Aug 21, 2009

The Ajivika Sect of Ancient India

The Ajivikas, 'Followers of the way of Life,' are an ascetic order that started at the time of Buddha and Mahavira and lasted until the fourteenth century.

The exact nature of Ajivika doctrine is unclear because the sect's own texts have not survived. It is believed the original Ajivika texts were written in an eastern Prakrit, perhaps similar to the Jain Prakrit Ardhamagadhi. Quotations and adaptations from these texts appear to have been inserted into Jain and Buddhist accounts of the Ajivikas. Makkhali Gosala is regarded as the founder leader of the Ajivikas and one source of his teachings is the Buddhist Digha Nikaya. Three Tamil texts, the Manimakalai of the Buddhists, the Nilakesi of the Jains, and the Sivajnanasiddhiyar of the Shaivites, all contain outlines of Ajivika doctrine. The Nilakesi of the ninth century CE tells us most and is about a heroine Nilakesi visiting teachers in search of the truth, including Buddha and Puranan, leader of the Ajivikas, a dignified figure living in a flowery hermitage.

The basic principle of the doctrine according to Gosala was niyati, fate or destiny. The Ajivikas were rigid fatalists and determinists, seeing niyati as the sole determinant of every happening. No human effort could have any effect against niyati and therefore karma is a fallacy. Nirvana was only reached after living through an immense number of lives, which proceeded automatically like the unwinding of a ball of thread, the last life being as an Ajivika monk. After twenty-four years of asceticism, Gosala enumerated the six inevitable factors of life: gain and loss, joy and sorrow, and life and death, together with the two 'paths' of song and dance.

Ajivika cosmology was very complex with a vast universe passing through an immense number of time cycles. Each jiva, soul, transmigrates through eighty-four lakhs (1 lakh = 100,000) of cycles before release. The southern Ajivikas saw only a few jivas remaining in nirvana while most jivas achieved only mandala-moksa, cyclic release, having to return to the worldly cycles.

Purana Kassapa (the Puranan of the Nilakesi), perhaps an older contemporary of Gosala, added the view that a murderer or robber commits no sin and likewise there was no merit in becoming an ascetic, for with niyati there was only one course left open to them. Pakudha Kaccayana, a contemporary of the Buddha, held an atomic theory with seven substances, earth, water, fire, air, joy, sorrow, and life, that are uncreated and unchanging. This was absorbed into the Ajivika doctrine of the negation of free will and moral responsibility. It was argued that since future events are already determined then in some way they already exist. The Ajivika teacher Puranan in the Nilakesi says "Though we may speak of moments, there is really no time at all." This was the theory of avicalita-nityatvam, unmoving permanence. And to the Ajivikas the soul was also atomic and could not be divided. In its natural state outside the body it is immense in size, five hundred leagues (yogana) in extent.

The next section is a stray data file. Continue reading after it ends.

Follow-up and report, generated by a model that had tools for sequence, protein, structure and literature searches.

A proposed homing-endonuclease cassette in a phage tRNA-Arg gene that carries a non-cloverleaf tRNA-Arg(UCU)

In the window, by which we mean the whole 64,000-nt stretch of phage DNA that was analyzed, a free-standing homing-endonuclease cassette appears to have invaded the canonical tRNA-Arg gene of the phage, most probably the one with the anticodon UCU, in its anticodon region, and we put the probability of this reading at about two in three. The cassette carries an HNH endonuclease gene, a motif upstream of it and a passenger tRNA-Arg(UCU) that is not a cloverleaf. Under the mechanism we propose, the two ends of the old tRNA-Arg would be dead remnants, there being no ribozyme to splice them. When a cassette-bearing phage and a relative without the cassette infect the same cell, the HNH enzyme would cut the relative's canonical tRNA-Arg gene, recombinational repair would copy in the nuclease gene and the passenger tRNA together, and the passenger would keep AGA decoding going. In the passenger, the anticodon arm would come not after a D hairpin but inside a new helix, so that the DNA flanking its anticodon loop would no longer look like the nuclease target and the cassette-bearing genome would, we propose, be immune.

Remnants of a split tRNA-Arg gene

There are close links with Jainism. Gosala claimed to be the twenty-fourth tirthankara, and as a disciple of Mahavira for six years until a split, there are doctrinal similarities between Ajivikism and Jainism. In fact, Gosala may have influenced Mahavira over nudity and he rejected the alms-bowl, a view adopted by the Digambara Jains. There are inconsistencies in Jain karma theory inexplicable without referring to Ajivika doctrine. Mahavira disagreed with Gosala's antinomian doctrine and way of life, and the Buddha strongly condemned the Ajivika doctrine of niyati.It is very possible that the Jains and Buddhists distorted Ajivika doctrine. Lucas thinks that "it seems doubtful whether a doctrine which genuinely advocated the lack of efficacy of individual effort could have formed the basis of a renunciatory path to spiritual liberation" (Dundas 1992, 26).

In the sixth to fifth centuries BCE there were large numbers of wandering ascetics, sometimes in groups, caused perhaps by the break up of the old tribal way of life and the rise of great kingdoms in the Ganges basin. This was the time of the emergence of Buddhism, Jainism, and the Ajivikas.

The name Ajivikas was given to the sect by their opponents. The word ajivika is derived from ajiva, meaning one who observes the mode of living appropriate to his class. Because Gosala held peculiar views as to the ajiva of a mendicant not affected by karma, it is likely his sect was known as the Ajivikas, those who held the peculiar doctrine of ajiva. The name was supposed to be opprobrious, since Gosala was an ascetic not for reasons of salvation but as a livelihood (ajiva) and so they were professionals.